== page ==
guess I am glad I teach middle school as I do not even use a text book, I know all of the PI and standards and go from there--for us there really is no book that has all of our standards and PI in one book for 7th and 8th. If I went from a text book, I would be missing certain things that we are supposed to teach. I am not so sure that a book necessarily has the mandatory curriculum--don't you have to go from the state's content and process strands? Iva Jean
In a message dated 6/18/2009 6:28:44 A.M. Eastern Daylight Time, email@example.com writes:
I want to raise a question here. Yes - we teach beyond the textbook because we have the background - but isn't the textbook supposed to represent the mandatory curriculum? If it is, then should the students be tested beyond the textbook? I don't think so.
-----Original Message----- From: firstname.lastname@example.org To: email@example.com Sent: Thu, Jun 18, 2009 12:12 am Subject: Re: Geometry Question #3
With all this discussion about question number 3 and which resource has the definitive answer.... it is important to remember that a large number of "math teachers" are, in fact, NOT math majors. The number of people who are teaching math "out of certification" is a problem that needs to be addressed. They use the student text as their "Bible," and may not have a willing and capable math mentor in their building.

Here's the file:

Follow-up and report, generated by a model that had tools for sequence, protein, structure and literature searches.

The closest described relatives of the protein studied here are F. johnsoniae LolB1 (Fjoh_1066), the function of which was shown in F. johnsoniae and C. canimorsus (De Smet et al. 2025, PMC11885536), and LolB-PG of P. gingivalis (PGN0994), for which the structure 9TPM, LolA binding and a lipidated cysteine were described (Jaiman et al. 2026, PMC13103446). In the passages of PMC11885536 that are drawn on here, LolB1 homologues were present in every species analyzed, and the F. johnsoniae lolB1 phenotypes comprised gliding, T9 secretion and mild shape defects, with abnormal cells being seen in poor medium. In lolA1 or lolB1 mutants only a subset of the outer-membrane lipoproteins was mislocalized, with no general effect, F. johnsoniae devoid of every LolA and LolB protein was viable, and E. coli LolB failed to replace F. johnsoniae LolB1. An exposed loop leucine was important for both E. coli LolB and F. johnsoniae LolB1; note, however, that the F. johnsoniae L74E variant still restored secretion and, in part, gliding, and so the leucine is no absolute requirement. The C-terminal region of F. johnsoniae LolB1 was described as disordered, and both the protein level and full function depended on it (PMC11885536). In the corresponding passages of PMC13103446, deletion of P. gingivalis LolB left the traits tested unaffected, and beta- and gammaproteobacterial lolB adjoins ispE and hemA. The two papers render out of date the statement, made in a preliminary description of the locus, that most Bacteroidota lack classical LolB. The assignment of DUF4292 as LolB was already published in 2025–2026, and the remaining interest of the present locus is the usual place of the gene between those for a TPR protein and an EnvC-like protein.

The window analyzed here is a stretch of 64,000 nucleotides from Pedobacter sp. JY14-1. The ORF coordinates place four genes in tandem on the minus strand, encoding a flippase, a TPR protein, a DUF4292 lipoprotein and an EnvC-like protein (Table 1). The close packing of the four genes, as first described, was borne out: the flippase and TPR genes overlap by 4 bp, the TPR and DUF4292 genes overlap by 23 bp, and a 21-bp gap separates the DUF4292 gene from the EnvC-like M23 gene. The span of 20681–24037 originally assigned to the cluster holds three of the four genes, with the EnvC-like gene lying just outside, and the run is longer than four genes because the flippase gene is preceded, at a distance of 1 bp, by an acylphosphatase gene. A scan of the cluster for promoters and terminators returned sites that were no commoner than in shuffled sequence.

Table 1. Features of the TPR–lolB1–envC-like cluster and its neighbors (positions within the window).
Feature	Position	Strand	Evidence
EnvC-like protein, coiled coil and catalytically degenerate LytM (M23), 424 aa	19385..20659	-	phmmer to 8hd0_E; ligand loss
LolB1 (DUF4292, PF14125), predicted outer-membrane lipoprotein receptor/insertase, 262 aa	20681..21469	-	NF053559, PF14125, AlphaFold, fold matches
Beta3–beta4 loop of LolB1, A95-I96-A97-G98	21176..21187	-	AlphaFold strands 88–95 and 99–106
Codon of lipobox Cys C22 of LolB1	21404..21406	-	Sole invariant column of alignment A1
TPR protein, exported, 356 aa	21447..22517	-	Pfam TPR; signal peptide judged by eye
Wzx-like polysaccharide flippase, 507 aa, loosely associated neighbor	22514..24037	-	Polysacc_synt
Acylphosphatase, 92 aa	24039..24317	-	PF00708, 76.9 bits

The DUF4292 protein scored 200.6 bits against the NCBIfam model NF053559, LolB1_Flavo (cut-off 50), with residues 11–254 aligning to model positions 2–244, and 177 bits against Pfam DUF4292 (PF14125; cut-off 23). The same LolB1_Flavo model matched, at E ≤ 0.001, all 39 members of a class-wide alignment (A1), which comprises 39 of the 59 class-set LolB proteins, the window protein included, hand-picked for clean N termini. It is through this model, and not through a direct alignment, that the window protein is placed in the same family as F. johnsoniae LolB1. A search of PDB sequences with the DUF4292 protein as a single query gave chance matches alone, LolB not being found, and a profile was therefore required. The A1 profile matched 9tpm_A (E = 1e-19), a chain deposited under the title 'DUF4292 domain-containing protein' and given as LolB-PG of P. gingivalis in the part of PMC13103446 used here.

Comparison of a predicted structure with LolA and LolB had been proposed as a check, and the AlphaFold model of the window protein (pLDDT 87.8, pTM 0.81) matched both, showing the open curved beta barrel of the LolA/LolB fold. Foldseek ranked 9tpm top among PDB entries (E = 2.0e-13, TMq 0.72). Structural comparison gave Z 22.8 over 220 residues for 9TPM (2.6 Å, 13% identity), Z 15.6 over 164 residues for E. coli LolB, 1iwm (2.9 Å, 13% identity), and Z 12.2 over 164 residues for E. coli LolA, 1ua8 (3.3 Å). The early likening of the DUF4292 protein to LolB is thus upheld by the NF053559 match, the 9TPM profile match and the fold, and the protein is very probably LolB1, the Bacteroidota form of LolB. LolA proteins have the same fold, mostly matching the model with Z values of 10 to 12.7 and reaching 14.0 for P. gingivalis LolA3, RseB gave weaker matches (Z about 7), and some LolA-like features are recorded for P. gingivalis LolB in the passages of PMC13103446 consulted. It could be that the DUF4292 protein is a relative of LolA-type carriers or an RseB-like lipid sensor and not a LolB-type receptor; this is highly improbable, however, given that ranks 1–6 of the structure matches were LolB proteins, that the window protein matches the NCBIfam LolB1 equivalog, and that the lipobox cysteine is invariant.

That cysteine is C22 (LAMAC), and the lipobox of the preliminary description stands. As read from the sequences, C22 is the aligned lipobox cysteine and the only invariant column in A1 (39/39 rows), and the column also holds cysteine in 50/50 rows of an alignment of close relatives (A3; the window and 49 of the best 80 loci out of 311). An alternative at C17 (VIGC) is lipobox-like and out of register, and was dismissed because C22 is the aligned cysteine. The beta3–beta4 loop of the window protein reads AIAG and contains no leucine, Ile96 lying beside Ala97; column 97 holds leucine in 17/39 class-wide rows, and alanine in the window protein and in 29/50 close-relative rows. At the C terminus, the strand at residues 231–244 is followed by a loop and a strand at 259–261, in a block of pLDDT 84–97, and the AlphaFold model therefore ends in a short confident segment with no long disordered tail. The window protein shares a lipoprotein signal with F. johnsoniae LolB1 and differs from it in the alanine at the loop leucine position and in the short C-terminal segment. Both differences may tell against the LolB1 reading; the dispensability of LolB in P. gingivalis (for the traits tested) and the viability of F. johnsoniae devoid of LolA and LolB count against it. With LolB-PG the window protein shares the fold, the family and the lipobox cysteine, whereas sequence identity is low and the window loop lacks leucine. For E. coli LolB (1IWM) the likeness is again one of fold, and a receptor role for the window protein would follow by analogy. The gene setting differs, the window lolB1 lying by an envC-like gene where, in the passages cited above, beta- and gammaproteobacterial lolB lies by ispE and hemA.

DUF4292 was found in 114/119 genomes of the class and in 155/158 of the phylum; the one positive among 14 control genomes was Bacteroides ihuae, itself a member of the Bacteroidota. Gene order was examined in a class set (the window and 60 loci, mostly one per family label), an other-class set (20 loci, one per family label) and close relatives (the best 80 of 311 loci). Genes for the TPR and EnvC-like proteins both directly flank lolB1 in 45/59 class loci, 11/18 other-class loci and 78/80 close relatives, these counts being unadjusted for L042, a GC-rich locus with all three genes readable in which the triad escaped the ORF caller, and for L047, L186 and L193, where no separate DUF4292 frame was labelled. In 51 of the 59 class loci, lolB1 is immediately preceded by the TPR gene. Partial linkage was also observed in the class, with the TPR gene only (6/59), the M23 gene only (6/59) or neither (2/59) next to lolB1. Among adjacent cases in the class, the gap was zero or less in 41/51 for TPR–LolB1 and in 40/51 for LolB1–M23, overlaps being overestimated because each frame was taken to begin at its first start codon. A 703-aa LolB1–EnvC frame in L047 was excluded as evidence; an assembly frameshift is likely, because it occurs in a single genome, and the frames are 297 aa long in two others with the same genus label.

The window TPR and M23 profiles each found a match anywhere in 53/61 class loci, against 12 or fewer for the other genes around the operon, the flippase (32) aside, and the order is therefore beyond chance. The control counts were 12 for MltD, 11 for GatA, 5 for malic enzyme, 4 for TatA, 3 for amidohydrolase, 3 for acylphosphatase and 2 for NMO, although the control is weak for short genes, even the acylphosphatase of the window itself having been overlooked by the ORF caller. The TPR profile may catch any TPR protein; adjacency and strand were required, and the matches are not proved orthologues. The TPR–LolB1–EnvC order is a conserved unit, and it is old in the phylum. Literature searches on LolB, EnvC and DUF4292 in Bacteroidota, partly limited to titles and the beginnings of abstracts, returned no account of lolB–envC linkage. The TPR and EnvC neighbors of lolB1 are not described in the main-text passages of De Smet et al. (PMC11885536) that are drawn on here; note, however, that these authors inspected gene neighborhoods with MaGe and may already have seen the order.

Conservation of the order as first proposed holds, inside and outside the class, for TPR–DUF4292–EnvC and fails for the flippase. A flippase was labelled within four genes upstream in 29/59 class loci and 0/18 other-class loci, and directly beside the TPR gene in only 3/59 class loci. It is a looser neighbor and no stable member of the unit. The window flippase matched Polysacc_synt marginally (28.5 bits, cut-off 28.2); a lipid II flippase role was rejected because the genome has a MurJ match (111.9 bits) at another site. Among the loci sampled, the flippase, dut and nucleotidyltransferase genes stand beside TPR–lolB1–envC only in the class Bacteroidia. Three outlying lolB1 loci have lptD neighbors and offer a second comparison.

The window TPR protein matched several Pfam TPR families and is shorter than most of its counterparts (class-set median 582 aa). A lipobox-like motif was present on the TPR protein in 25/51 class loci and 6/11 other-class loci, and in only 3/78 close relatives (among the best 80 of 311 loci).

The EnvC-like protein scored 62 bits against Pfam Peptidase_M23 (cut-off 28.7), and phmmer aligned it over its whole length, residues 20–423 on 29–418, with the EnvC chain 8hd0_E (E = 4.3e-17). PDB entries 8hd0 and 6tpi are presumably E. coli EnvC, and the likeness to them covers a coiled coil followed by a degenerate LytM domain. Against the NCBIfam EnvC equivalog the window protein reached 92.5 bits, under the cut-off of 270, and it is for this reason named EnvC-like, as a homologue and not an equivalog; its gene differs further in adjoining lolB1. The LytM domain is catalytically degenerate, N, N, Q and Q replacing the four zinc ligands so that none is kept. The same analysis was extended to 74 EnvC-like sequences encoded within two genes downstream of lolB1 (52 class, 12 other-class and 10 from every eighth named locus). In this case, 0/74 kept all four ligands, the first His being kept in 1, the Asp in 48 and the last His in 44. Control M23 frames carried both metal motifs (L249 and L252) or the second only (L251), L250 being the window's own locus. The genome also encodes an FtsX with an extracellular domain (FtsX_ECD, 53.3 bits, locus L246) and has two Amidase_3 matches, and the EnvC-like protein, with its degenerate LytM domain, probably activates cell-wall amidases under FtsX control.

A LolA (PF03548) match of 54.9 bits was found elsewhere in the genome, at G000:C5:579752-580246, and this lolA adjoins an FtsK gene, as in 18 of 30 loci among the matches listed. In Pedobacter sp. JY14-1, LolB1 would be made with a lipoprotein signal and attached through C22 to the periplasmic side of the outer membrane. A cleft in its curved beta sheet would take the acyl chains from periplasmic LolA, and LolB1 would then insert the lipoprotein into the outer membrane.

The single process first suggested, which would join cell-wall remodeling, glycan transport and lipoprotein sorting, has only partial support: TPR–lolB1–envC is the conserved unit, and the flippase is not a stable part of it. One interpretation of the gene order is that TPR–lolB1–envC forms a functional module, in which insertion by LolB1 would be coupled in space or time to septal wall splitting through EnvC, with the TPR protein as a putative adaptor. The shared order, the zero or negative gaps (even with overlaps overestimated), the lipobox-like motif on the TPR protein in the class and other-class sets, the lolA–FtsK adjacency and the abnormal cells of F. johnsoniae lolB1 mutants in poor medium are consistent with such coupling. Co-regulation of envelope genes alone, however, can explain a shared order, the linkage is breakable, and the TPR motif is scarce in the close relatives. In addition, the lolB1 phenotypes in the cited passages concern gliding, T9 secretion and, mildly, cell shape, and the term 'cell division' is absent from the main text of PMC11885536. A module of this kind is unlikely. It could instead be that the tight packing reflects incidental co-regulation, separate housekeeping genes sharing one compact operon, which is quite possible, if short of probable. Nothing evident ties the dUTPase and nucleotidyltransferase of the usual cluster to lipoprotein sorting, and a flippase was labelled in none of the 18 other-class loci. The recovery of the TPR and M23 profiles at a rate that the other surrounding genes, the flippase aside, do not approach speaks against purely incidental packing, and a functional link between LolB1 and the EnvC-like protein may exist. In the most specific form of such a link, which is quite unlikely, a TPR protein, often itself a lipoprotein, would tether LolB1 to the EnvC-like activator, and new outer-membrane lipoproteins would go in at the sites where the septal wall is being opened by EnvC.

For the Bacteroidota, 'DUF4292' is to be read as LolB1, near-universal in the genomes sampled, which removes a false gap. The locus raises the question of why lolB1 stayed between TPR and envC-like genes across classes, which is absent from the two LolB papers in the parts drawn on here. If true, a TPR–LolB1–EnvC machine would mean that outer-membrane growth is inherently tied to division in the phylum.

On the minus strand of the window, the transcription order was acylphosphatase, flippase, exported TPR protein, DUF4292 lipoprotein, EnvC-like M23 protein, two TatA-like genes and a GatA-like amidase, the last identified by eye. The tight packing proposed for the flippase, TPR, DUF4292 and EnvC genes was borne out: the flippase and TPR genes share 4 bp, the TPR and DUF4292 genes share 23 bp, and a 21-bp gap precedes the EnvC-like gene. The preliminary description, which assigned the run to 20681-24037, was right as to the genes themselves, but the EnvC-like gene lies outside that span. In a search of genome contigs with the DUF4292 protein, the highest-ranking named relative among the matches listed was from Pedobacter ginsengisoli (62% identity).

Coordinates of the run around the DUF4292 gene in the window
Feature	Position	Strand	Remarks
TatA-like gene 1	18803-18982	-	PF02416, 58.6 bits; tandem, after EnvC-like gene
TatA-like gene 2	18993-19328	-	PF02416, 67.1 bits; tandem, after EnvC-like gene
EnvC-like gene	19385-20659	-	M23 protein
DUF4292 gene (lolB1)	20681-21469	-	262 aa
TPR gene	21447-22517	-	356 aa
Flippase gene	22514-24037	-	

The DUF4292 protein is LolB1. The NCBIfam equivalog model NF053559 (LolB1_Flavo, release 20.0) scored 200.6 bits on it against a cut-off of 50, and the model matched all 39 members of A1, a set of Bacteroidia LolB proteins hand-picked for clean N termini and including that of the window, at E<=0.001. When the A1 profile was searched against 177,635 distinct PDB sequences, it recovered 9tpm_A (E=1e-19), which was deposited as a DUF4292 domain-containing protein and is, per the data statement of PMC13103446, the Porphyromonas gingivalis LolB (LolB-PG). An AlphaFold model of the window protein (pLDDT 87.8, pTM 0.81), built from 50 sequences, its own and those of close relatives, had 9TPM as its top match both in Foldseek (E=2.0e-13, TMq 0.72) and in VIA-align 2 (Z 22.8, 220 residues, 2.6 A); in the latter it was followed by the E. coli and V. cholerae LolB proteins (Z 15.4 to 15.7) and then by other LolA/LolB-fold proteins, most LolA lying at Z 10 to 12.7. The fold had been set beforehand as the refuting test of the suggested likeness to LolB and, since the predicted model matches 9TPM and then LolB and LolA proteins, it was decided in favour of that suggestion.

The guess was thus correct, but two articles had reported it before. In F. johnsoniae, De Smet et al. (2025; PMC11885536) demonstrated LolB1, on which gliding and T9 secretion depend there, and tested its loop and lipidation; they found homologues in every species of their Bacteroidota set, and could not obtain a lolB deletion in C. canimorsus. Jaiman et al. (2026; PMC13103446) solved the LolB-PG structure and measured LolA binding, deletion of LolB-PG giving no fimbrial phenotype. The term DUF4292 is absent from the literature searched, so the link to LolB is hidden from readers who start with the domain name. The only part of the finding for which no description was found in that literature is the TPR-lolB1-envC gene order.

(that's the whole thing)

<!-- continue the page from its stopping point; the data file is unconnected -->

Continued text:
The majority of the posters here are "math people" and teach beyond the textbook, because we have the background. I am really puzzled at how a history teacher who fulfilled the minimum math requirement in high school and college suddenly can teach math because there is a math position open and the history position was excessed.
And we wonder why the students don't know math ?!?
-----Original Message----- From: _MathCaryl@aol.com_ (mailto:MathCaryl@aol.com) To: firstname.lastname@example.org_ (mailto:email@example.com) Sent: Wed, Jun 17, 2009 9:55 pm Subject: Re: Geometry Question #3
I can tell you as a middle school teacher myself, I discussed or introduced dilation by negative scale factors however, it was not the item I tested. But it is possible for a student to remember a dilation of scale factor negative one. In class, I asked the students which scale factor would not change the size in the hopes of reminding them of the mult iplicative identity. I believe the discussion is worthwhile as it hopefully prevents other errors in the future. Caryl Lorandini